BLYTHEVILLE COURIER NEWS THE DOMINANT NEWSPAPER Of NORTHEAST ARKANSAS AND SOUTHEAST MISSOUIU VOL. XLV—NO. 255 Blylherille Daily New BlythevlUe Courier Blytheville Herald Mississippi Valley Leader BLYTHEVILLE, ARKANSAS, WEDNESDAY, JANUARY 18, IflcO TWELVE PAGES SINGLE COPIES FIVE CENTS Oleo Tax Repealer Foes Concede; Bill May Pass Quickly i_ WASHINGTON, Jan. 18. (*)—l'h« Senate today junked »n »nU- R-nclilng amendment fo a bUl providing for the repeal i>f federal »leo- martarlne taxes. One of the three civil rights amendments offered by Senator Langer (K-ND), i( was killed by » 60 to 20 vole U> lay it on Uic (able. * To Stop Seeking Federal Aid WASHINGTON, Jan. 18. (AP)—A long fight lo repeal federal oleomargarine taxes, some of them dating back lo ISSfi, drew toward an apparently victorious climax today. One cf the lending opponents,*Senator Wiley '<R-Wis> left the city,f an aide conceding "the fight/a over." Advocates of the repeal measure said they expected it-to be passed and sent to the House before nightfall in a quick sequence to defeats suffered yesterday by dairy state Senators. A hurdle still to be cleared was a trio of civil rights amendments offered bv Senator Langer (R-ND), but the outlook was that they would be brushed aside without a prolonged si:rap. A motion will be made to table (defer Indefinitely) his anil-poll tax, anti-lynching and.fair employment practices amendments. Opponents contend they have no place in oleomargarine legislation. An effort also was being made by Senator McCarthy <R~\Vis> and Senator Butler (R-Neb) to kesp alive a proposal to tack 'a genera' cut Jn excise taxes to .the bill, but it looked like a forlorn gesture. Wiley was one of the chief sponsors of a proposed dairy state substitute for the House-passed bill to kse the oleomargarine taxes. It Jit down to defeat yesterday 48 to 37. The substitute, while also wiping out the taxes, would have banned interstate shipments of yellow colored oleomargarine. Sees Quick Passage Senator Fulbright (I)-Ark), directing strategy for the repeal bill, told reporters that he now exuccis the measure to pass quickly \yj a lop-heavy majority. The Senate measure dffers in some respects from the bill passed by the House last April, but Fulbright said he anticipates no difficulty 111 adjustment of differences Tlie legislation would eliminate present taxes of lO-cents-n-rmuntl /Hoses Urges civic Leaders U.S. Engineers Ready T~ *•» . - /•* I • •— i i A • i ^^ * To Use Big Spillway; Missourians Object on yellow oleomargarine and of one-quarter cent a pound on the uncolorect variety. \^. ..would, be Jinxes on toilers "of 'colored VndL J "\mcolqred oleomargarine, •••••• ' ^ •-," -.. . ' The dairy state,, -substitute rejected by the Senate included an amendment to ciil excise taxes on such . items as Jewelry, cosmetics. i^k, luggage, telephone bills, ad-j nrosions. and transportation tickets. Wiley had hoped to pick up votes '/nr his substitute by tying a general 'excise tax cub to it. g Democratic Leader Lucas of 111- ino'is ha.r promised the .Seriate a | .chance, fo vote on excise tax cuts later in the session after President Truman has submitted his tax recommendations to Congress. Four-Day Clinic For Crippled Children Opens Miss Elizabeth Samuels, physical therapist with the Crippled Children's Division of Public Welfare •Department, opened a ,three-day schedule for crippled^ children in North Mississippi County today. The clinic, including parent training , for home exercise, are being conducted at the North Mississippi County Health Unit. A total of 53 appointments, to be about 30 minutes each, lias been ^hednled for the clinics. Much of We exercising ts check-up work being done by M'iss Samuels who started the clinics here in September. A speech Iherapy clinic which was originally s:heduled to run in connection with the physical therapy was cancelled. A similar clinic for chudren in South Mississippi County was completed yesterday. Miss Samuels will be in Blytheville until Saturday noon. Five Percenters AreReprimanded Senators Who Made Investigation Rap Yaughan and Maragon By Marvin L. Arrowsmith WASHINGTON, Jan. 18. (AP) — Maj. Gen. Harry H. Vauglian, President Truman's military aide, was reprimanded sharply today by tliti Senate Committee, which conducted last summer's spectacular five per- center inquiry. In a unanimous report cf the Investigation, the committee took Vauglian to task for accepting seven home freezers as gifts, and it criticized him on other counts. 1 ;Vaiighan gave one of the freezers to Mrs. Truman. Some of the units went to other Washington notables. The presidential aide has said was nothing wrong about his ;aking the freezers, or In presenting them to his friends. (The committee said It's all right for the President and his family to accept gifts because throughout the history of the nation the American people have presented them L1 as a token of their esteem and a. mark of respect for the high office he holds." Nothing in the report, the committee added, "is intended to be critical of that long-standing tradition.) Maragon Denounced The committee's report -bluntly denounced John P. Maragon; Washington man-about-town who was indicted "early this month by a federal 'grand Jury which accused him .^i^Tif.sUo ^Lis-Seii^.^icgv' '>Zfti:a- (ipn; who oncepiid a^^hite House pass,; pie a'tieti mane eiit Jyrtie'n", he iv as arraigned. 'His" trial is set for Feb. 20. , •,• ._• •• y.' : • •' ..: The committee's public hearings last August brought testimony that Mar agon enlisted, 'Vaughan's aid 3n an effort to wield.influence with other government'officials and In attempts to secure favors for friends. In its report' the committee concluded': ' - '. [ " • "There is no doubt that Mura- gon's friendship with Gen. Harry H. Vauglian made his (Maragon's) activities in his dealings with the federal government possible. "In several instances the evidence showed that General Vaughan his office personally interceded witli government agencies on behalf of Maragon or those whom he represented." The report said, too, that in some cases Maragon used Vaughan's White House telephone to transact personal business, and that a combination of these and other factors-"made it possible for Maragon lo use the great prestige of the White House for his own advantage." The report was approved by all the members of the Senate's special investigations subcommittee, They are: Senators Koey (D-NC), Chairman, O'Conor (D-Md), Eastland (D-MEss), Robertson (D-Va), McCarthy <R-Wis), Muudt (R-SD) and Margare" Chase Smith (R-Me). Last week the three Republican members protested to Hocy that a preliminary draft of the report dealt too easily v-'ilh Vauglian. As a result the document .was revised and the GOP senators then agreed to sign it. By A. A. Fredrickson Courier News Staff Writer OSCEOLA, Jan. 18 — Arkansas' champion of free enterprise and community service last night suggested a five-point attack 011 ths double-barreled problem of developing this state while .stemming the advance of "creeping socialism." C. Hamilton Moses, president of Arkansas Power nnd Light Co. arid chairman of the Arkansas Economic Council-State Chamber of Commerce, told some 200 South Mississippi County community leaders and civic club members to— 1) Revive the lost art of thinking straight. 2) "Get vocal" and let a confused Congress know the desires of the people it represents. 3) Stop "selling Arkansas short." 4) Balance this area's economy between agriculture ar.d industry. 5) "Build your community." \ Speaks in Osceola < Speaking at a meeting held last night in -the auditorium of (lie Mississippi County Library in Osceola under the sponsorship of the Osceola Cliiimber of Commerce, Mr. Moses urged Arkansans to develop their communities and their state without calling for help from the federal government. "Slow, creeping socialism" !« ahearl, he warned, if communities do not work without depending on the government. " Proba bl y t he B reatest rcspon s i - bility of citizenship facing us now is to work with our community and community leaders." Mr, Moses said in urging continued civic improvement programs. Asserting that he was speaking "not as a critic of our government but as an optimist," Mr. Moses said confusion was rampant today. "Everyone—the people and Congress— confused." The Washington scene, he said,] is the biggest factor in this confusion. Congress wants to act in accordance with the desires of the p eople i t- represen ks. he said, bu t its members are confused. Congressmen want advice and will heed it, he said. "The biggest fear today Is fear of the government itself," Mr. Moses pointed nut. "You are the only answer to our New Uses Developed For Farmers' Crops Mnny new uses nrc bring developed for agricultural commodities and many of arc of piuticular itnporlancc lo Arkansas und Mississippi County, it was disclosed in tlie Midwest Research InsLllutc's report on n survey made in Arkansas for Uic Arkansas rower and Light Company. + : : The report listed Mississippi County as third in the production of broilers and fryers in the state nnri also furnished the Information :hat clotlilny nuv; Is bein Area Is Cleared Of Residents And Livestock Courier News Fholo MOSES SPEAKS AT OSCEGLA—C. Hamilton Moses, chairman or the Arkansits Economic Council-State Chamber of Commerce, is shown above as he addressed community leaders and civic club member^ In the auditorium of the Mississippi County Library at Osceola last night. problems." he told his audience. Hn said the American people nuve the answer if they are aroiused and care enough. Tlie American people must start by--beginning - to -."think -:straight,-" Mr. Mo r ins said', adding ,tbafcv1:his has become a lost art-because most of the: : thinking has been left lo Washington. • "We have been -too willing to let our representatives In Washington think for us," he said. Americans, he said, have been living in complacency so far and 'looking out for what we can get from Washington." "But," he emphasized, "the federal government has no money; -It- has no property. It does, however. hold a mortgage of seven and one- half million dollars on every person. Thank God.that It is a "pride mortgage." To present an answer to the questions of why many wartime See CIVIC I.CADKKS on Page 12 FBI Joins Hunt for Men Who Stole $1,500,000 BOSTON, Jan. 18. <«>>—Crack FIJI agents joined today in a manhunt for a bandit gang Hint got away with 51,500,000—a million dollars or it in cash—in one ol the biggest robberies In the nations' history. Educational Program for Vets Outlined Showdown Vote Set oh Power of Rules Committee WASHINGTON, Jan. 18—W — Warring groups in the House agreed today to a showdown vote Friday on a rules change that could bottle up Civil Rights legisiation and Bth«r parts of the Truman program * Speaker Rayburn announced the decision after a huddle w ith administration lieutenants. He said t>'-•> will be no caucus of Democrats- .-.My Democrats fcel that party caucus last year on the same subject is still binding. That meeting bound most Democrats—but not all of them stayed put—to support a change in rules stripping the Rules Committee of its stranglehold over I legislation. The rule was changed after that caucus. ' A Republican-Southern Democrat coalition now is backing repeal of | the 1049 rule and return to the -old procedure giving the Committee Its former power, R. A. Porter Buys Wetenkamp Home Tenth arid Walnut Mr. and Mrs. R- A. Porter, who recently purchased the A- R. Wetenkamp home at 120 North Tenth Street, plan to move on Thursday. \fr. and Mrs. Wclenkamp left yesterday for Memphis, where they have purchased a home at 393 Roseland Place from Mr. and Mrs. O A. Emmons. The property Involved in the Blytheville transaction is Lot 5 of the reptat of Lots 3, 4, and 5 of block "C" of the Richards Addition. The 140 by 60 foot lot was sold for $26,500. The transaction was handled by the Terry Abstract and Realty Company. The Porters have made their home at 1209 West Ash Iff the past several years. Velerans now enrolled !n on-lhe- job and vocational agricultural training program at the Blythevllle High School and members of the Dud Casein Post 24 of tlie American Legion last night heard representatives of the Veterans Admin- stration and the State Department of Education discuss the joint program. The meeting, arranged by Posl Commander E. N. Shivley, was aimed at informing the veteran students of the administration of the program. Speakers, including Ralph W. ClaUvorthy, supervisor of the training facilities unit of the Veterans' Administration regional office, explained how the joint State Education Department and Veterans Administration program was set up, pointing out various reasons for delay In payments, as well as delay in allowing entrance Approximately 500 were at the meeting at the American Legion Hut. .,,,-•' A. J. Gehm and Fcrd Toone. Veterans Administration training officers: Otis Farrow, from the Department of Education; Jack Pearman, Veterans Administration employment officer for Arkansas; Harry Tollison, American Legion Department field representative tor Arkansas and Mr. Clatworthy, each discussed, briefly, the various phases of the program. D. T. Stcanw. officer at the Blytheville VA, C. W. SIslcr. in charge ol the vocational program at the High School. W. B. Nicholson, superintendent of Schools, and Freeman Robinson, veterans teacher, were also at the meeting. OaiUthersville 1 . '*•' s Awards Contract Water Improvements To Be Constructed By Arkansas Firm Don Pruy, Inc., of Monctlc, Ark- submitted a low bid of 3114,800 on a water improvement project for Caruthersville, Mayor W. U. Byrd announced today. Bids were opened yesterday in Mr. Byrd's office; in Caruthersville. The contract calls for a new filter building, an aerator nnri waste water reservoir with necessary pumping and filter equipment. Mr. Byrd said population increases made additional water fil tering equipment . necessary ant that the new plant will further remove minerals from the wate: used in Caruthnrsville. Construction is slated to star within the next 30/days and Mr Byrd said thu contract calls fo Completion of the job within abou 270 days aftei work begins. The new building wilt adjotn lh- present water plant on West Ta\rc Street. Arkansas Paper Mill Will Be Tax Exempt LITTLE HOCK, Jan. 18 St-ite Resources and Devctopmen Commission /otcd yesterday to ex empt a proposed paper mill Southwest Arkansas from sta'.e tax es— if and when the mil! is con structed. A spokesman for Brink's, inc., icrAtorg of the money transjwrta- 011 firm robbsd, said a (100.000 re- ard would be offered for capture ' the bandits. "We have not worked out the etalls of setting up the reward et/' he said. "But we will offer ils rev.'ard." ^ Wo rkin g s moo t hly, th e robbers scaped last night without leaving single clue. Hours Inter, Police upt, Edward j. Fallon snid "we ave little or nothing to work on." Eight suspects were being held ut police officials Indicated they ad little to pin on them—at this Ime anyway. All except, one nrc x-convicts—rounded up as "types" or such a holdup. The seven soft-shoed gunmen— 1 wearing Flallownen-typc masks •md 'Navy pea jackets—left behind nothcr million dollars in cash only their hands were- full. Entered Six l>nors Like a movie thriller, they sneaked, through six locked doors lo reach the vaults of the money transportation firm, surprising five cashiers and guards before they could reach for their own shotguns. An alarm giving descriptions of the desperadoes was sounded along the entire Eastern seaboard while this city's police began one of the biggest roundups of underworld characters ever undertaken. Crack FBI agents and State Police joined local police- who were under orders to "break this thing up before a new outbreak develops," FBI agents across the country were akrtcd because Federal Reserve Bank funds were Included In the loot. "Ellis Hull, vice president of the Boston Federal RcMrvc, said that the looted money tnuisyirtation firm handles the delivery of funds of a number of member banks. Hold-up Takes 20 Minutes In a special department order, Sec HOUXjrS on I'afic IZ f ailured from fabric made of chicken feathers to pi o vide n tip on how Arkansan.s In the future may find an added source of revenue from their poultry flocks. Quoting from material found in chemurglcal reports, the Institute slated Ehat scientist's Iwve developed a fabric from chicken feathers j which is designed for usft In suits, dresses sweaters and other wearing appiirol of the future. The new fabric, it was explained, looks like wool; it can bo. dyed tuul possesses a brilHivnt Ulster; I.s odorless ni'd can be iaindcrcd lit fionp and water with no more .shrinking than cotton. Aliout three-fourths of the feathers from a fowl can be used. Cotton llnrrs Used Uses are being discovered for cotton burrs. These include .such pvo- ducUs as boiler-water treating compound; building board material, Eertil'izer, plastic 'tiller, ami furfural Furfural perhaps ts the most Important. It .is used In the mnnufac- ture of plastics, m motor oils. In making aniline dyes nnd as fungicide, nml In the synthetic Industry In the recovery of butadiene. The report also explained that V now K possible to grow colored cotton by injecting chcnilcnls Into tht plantjr roots, t^ provide fade-proof run-proof ••'• r 'Rii(K true-color •cbtlo'ns ready /or spirit ting when It tcnyes the gin. *. Cotton Millers can hi: used U onn the basic raw material for thi namifncture of 'photographic film the cotton .stalk us a source of p.i )fi" nnd nulls for plastics. Cotton seed can be used to provide a sub sLIiutc 'or pmm oil, and cottontex. is being manu fact tired as a \vooi substitute whtch will not warp, I waterproof nnd fire-resistant. New UBCS for Corn Stalks New uses nrc being found fo soybeans and corn strtlks provide source ot pa.ier, and u subslltut for cork rhilo corn cobs like cotto burrs can be converted iulo fur funil, or used Sn the manuCactur of blasting material, as abrasive In .sonp, or made into rayon plastics. Alfalfa meal can be converted In to chlorophyll, an extract whlc stimulates the growth of body tl sue.s. end also is used to trcnt in fcctlotiK, discuses and wounds, or make coloring matter for soaps, o Ive oil, cosine tic.**, insecticides ai candy. Juice extracted from asparagus at canning factories has been found suitable for growing a number of micro-organisms and eventually used lo help cure tubercular cases. , Pigskins are coming Into wider ust in shoes, luggage and gloves. Okra yield."; three times as much vegetable oil per acie as the nver- agfc yield of cotton nnd is of comparable quality, the researchers reported. Oil nlso Is being made from the waste in pecan shelling plants and Is .sfttd ro be the equivalent of olive oil for salads and table use, and the shells can bo used in the production of vaw charcoal. Refund Proposal AtHalf-wayMark Many Ark-Mo Power Users Agree to Give Money to Schools School official!! estimated llial project [o obtain about $30,000 Arkniun.s Missouri Power Com- iny customer refunds will read ic half-way mark Unlay. ' Students began calling on Individ il customers Monday In an effort 1 huve them voluntarily n.ssfgn iclr refunds lo the Blytheville chool District. School Superintendent W. B. IchoKson termed public resnGnsc i the project "gratifying." He said the aid of grade school .udenUs has been solicited in the impnlgn. They will be asked lo iako contacts within their rcspec- ivc families largely. Each student working In the drive as been supplied with a letter ox- la Inlng the purpose oE the pro- ect and & card which carries the .mount of the customer's rcluml nd gives him the opportunity of isslgning thut amount to the School Mr ontAcLeaW «»d th* nklng ^decision In g their rcfniKl over to the schools. Tho drive is expected to be com- ileted by'. the end of the week. By Mill Anderson CHAKLKSTON, Mo., Jan. 18. (AP)—U. S, Engineers tbok sl'ep.s today to move levee Eegrading cquipmeat onto the crs protecting 212 square nilcs in tlie Birds Point-New Madrid floodway near here. onaands of residents n!- •cady liavc left the Mississippi [liver lowlands area. G. A. Robinson, commander of the flootl-lli;hling unit for the area, ordered the equipment moved into "fuse plug" sections of Ihp big levee. But he emphasised that ho degrading order had been issued. The "fuse plugs" arc the parts of the levee that would be dynamited or degraded deliberately to allow the rampaging river lo pour Into .the Hood.way. This v;ou!il lake the pressure off Cairo, .111., ana down- river jxmils. Ilobiruson's announcement canift as light rain fell upstream, raising the possibility that the expected crest of 55.5 feet at Cairo tomorrow could be increased. Of the somo 12,000 residents of the rich flootlway land ,an estimated 8,000 had fled to higher ground In n, seemingly endless exodus that continued into the night. '. Missouri Governor Protests Proposal • , To Open F/oodwoy JBPPERSON CITY. Mo.. Jan. 18. <AP>—Gov. Forrest Smith asked Ult Avrny Engineers* today not 10 MoLM*! JU;4* P6iut New Nationalists Claim Hainan Invasion By Reds Stalled by Air, Sea Attacks Soybeans March May . July .. B. Chicago: Open High ..232;i 233 U ...229^ 229 *i ...224!i 224^ 223S 226 222VJ ClOfC 23DV4 2281 i 22271 New York Cotton Open High Low 1:30 Mar 3C8S 3D87 3032 3082 May 3090 3090 3081 3085 July 3045 3050 3042 3044 Oct 2881 2857 2853 2860 Dec 2853 2357 2858 2860 (By Ihc Associalcil 1'res.s) A Nationalist Chinese commander claimed today the Nationalist navy and air force have made impossible an early Communist, Invasion of Hainan Island. The ground commander on Hainan said his forces are mopping up the remnants of 17,000 Communists who landed on the big South China island. He said Nationalist air and naval forces have sunk 2.000 Communist craft (mostly junks) massed on Liuchow, the invasion peninsula opposite Hainan. Hainan and Formosa are the last two Important strongholds left to Chiang Kai-shek's Nationalists. Meanwhile, the official Communist voice, Pclping Radio, heard In Tokyo, gave its first account of the Communist seizure of American French and Dutch government properties In china. The seizures pushed the United States into recalling all State Department officials from Communist China. The pciplng Radio accused the to Try Again to Free 'Mighty Mo' NOEPOLK, Va., Jan. IB. (/I 1 )—The next attempt to float the 45,000-lon battleship Missouri, stuck on a rnud- foank in Chesapeake Day near Old F'olnt Comfort, will he made tonight, the Navy announced. It was decided to make no effort to flout, the huge baUlewagon on high tide this forenoon hut to use a dredge to remove some of the mud flecking >ier way back lo the main ship channel. At high tide nlxnit 9 o'clock tonight It Is expected the W tugs which failed to budge the "Mighty Mn" in their first attempt last night will try again. The last or the Missouri's fuel oil was being removed lodayj If that doesn't help her ammunition will he taken off tomorrow, the Navy said. Naval officers pointed out that irle.s win be progressively lower un- il January 25 when the moon changes, and that the battleship went tgroimd a t high tide yesterday. Waterfront speculators ventured in opinion that America's only ac- ivc battleship, would remain stuck in the mud "for some time."' Lending emphasis to their belief was a Navy announcement that two very heavy Navy lugs from New York arc expected to arrive tomorrow lo assist in the rescue opera' ions. ting thch equipment ready today to blow the plug at the northern end of the-flootlway. That would let Mississippi River flood water roll over thousands, of acres. Smith told his news conference this morning lie had talked with resident*; of .New. Madrid and Caruthersville, Mo,, who reported the river was "a long ways from bclug ot a dangerous stage." Col, L. IL Poote, district army engineer at Memphis, had advised Smith the area might have to be flooded. Weather Western powers' consuls of "procrastinating nnd rclusing" to hand over their government's properties In response to the Pclping regime's "justifiable demand." It salt! "military necessity" prompted tlic seizures. A cnW spokesman for American forcEgn policy In the F'ar East talked turkey to Communist China, reminding her she had a long, hard economic road to travel. Roving Ambassador Philip C. Jos- sup, using Hong Kong as his rostrum, .said: "China will continue to require the technological and cultural aid o( many countries—not merely one to two—if her development 'is not to be retarded." Again, with obvious references lo Russia, Jtssup cald: "We further believe that no single outside ration can supply all requirements or make al) the contributions that country needs for its fullest development in the family of nations." Jessup reaffirmed American support of a policy of equality, independence and integrity for china. Arkansas forecast: Occasional light rain this afternoon. Colder In north portion. Clondy nnd colder tonight. Occasional light ruin In south portion. Lowest temperature.' 20 in extreme north to 32 In extreme south portion. Thursday mostly cloudy and cold. Occasional rain in southeast portion. Missouri forecast: Sleet or freezing rain south, light, snow or slecl north tonight, possibly turning lo sleet or freezing rain Thursday Colder southeast and not so cok northwest and extreme north tonight. Slowly rising tcmpf.-ralurcs west and north Thursday. Low tonight 20-28 south; high Thursday 28-32. Minimum this morning—38. Maximum ycslcvrtay—53. Sunset today—5:15. Sunrise tomorrow—7:05. Precipitation 24 hours to 1 a.m today— M. Tolal since Jan. I— -9.05 NLRB Asks Court Order Requiring 5-Day Mine Week WASHINGTON* Jan. 18. Kotierl ,\, I>fdl];»iTi, general counsel of ITic National l.alxir Knla- Uons I5oard, sahl tmlity lie is applying for a court order (o pnl coal miners back on a normal five-day work wttk. I>cnham salil A complaint char- gin^ John f.. Lewis and his miners onion with unfair labor practices Is the basis for the court action. Dcnham said his aides arc go- Ing Into court this afternoon to apply for a temporary Injunction. This type of application calls for » hearing to be set by the court before, nny orilcr is issued, Conceivably, H might be weeks before the court would act. The estimate of 75 per cent complete evacuation was reached by the Red Cross area disaster director, Chnrlcs Burkctt. Word thctl the Icvcc might he dynamited to stave off greater trouble went out to residents of the HooilVrity Monday night from Col. Louis H. Poote, district engineer at Memphis, The notice advising quick evacuation termed It a "distinct possibility" that the levcc would be opened. Fluodmiy Used in J!>37 Only once before has the Icvcc been broken to relieve the strain on other points, that during the 1937 flood disaster. I J art ot the floodwny, on the southern end, already v,as inundated. The Missouri National Guard wns slated to move into the area with five amphibious ducks to bring out nny marooned perso:is. Some farmers rvnd sli& re crop pens began fleeing the Hood way even before the official warning wiu soiindcd. They loaded household goods, farm equipment and livestock on anything that would travel. 'Hie feverish work continued last night with rural roads crowded with vehicles. Many farmers were trying to save crops. One landowner had 50,000 busiiels oE corn to haul out, And lo point up the wholesale stripping of the floodway farms, one trucker was seen hauling out the plumbing from his house. Many, guided by the Red Cross* Sec SI'U.MVAV on Page n Mean temperature {midway tween high and low) — 155. Normal mean for January— This Dale Last Year Minimum this morning— 29. Maximum yesterday -.11. Precipitation .Ian. 1 lo this < —3 .51. be- N, O. Gorton Open High Low 1:30 Mar 3079 3030 3075 3075 May 3062 3084 3081 3076 July 3035 3010 3332 3034 Oct. 28.53 2858 2847 2850 Dec 2843 2346 2841 2841 1 New York Stocks 1:30 p.m. CjuoUUons: A T <fc T 148 1-8 Amcr Tobacco 741-2 Anaconda Copper 30 Beth Steel 325-8 Chrysler 65 Gen Electric 421-4 Gen Molors 723-8 Montgomery Ward 563-3 N Y Central 12 '1-6 Hit Harvester 275-8 National Distillers 25 1-4 Republic Steel 25 Radio .,, 13 1-2 Socony ' *cuum ..'.. t6 3-4 Stiidcbaker , 27 1-4 Standard of N J 67 5-8 Texas Corp 605-8 J C Penney 561-4 U S Steel 28 1-4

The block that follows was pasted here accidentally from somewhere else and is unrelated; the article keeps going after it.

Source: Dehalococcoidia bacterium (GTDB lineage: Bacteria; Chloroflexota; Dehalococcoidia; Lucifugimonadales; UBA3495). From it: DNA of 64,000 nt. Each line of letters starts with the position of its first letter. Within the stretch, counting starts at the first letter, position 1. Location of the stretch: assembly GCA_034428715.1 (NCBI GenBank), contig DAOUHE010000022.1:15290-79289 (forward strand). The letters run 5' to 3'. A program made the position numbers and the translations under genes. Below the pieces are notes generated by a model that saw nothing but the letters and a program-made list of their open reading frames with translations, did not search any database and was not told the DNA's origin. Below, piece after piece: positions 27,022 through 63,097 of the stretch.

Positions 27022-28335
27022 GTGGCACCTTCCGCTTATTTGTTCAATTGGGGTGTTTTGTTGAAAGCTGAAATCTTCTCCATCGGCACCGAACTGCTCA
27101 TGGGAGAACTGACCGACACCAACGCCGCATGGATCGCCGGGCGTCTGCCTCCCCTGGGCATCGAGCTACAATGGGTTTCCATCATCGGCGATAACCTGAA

Get access to

  • The largest online newspaper archive
  • 11,200+ newspapers from the 1700s–2000s
  • Millions of additional pages added every month

Try it free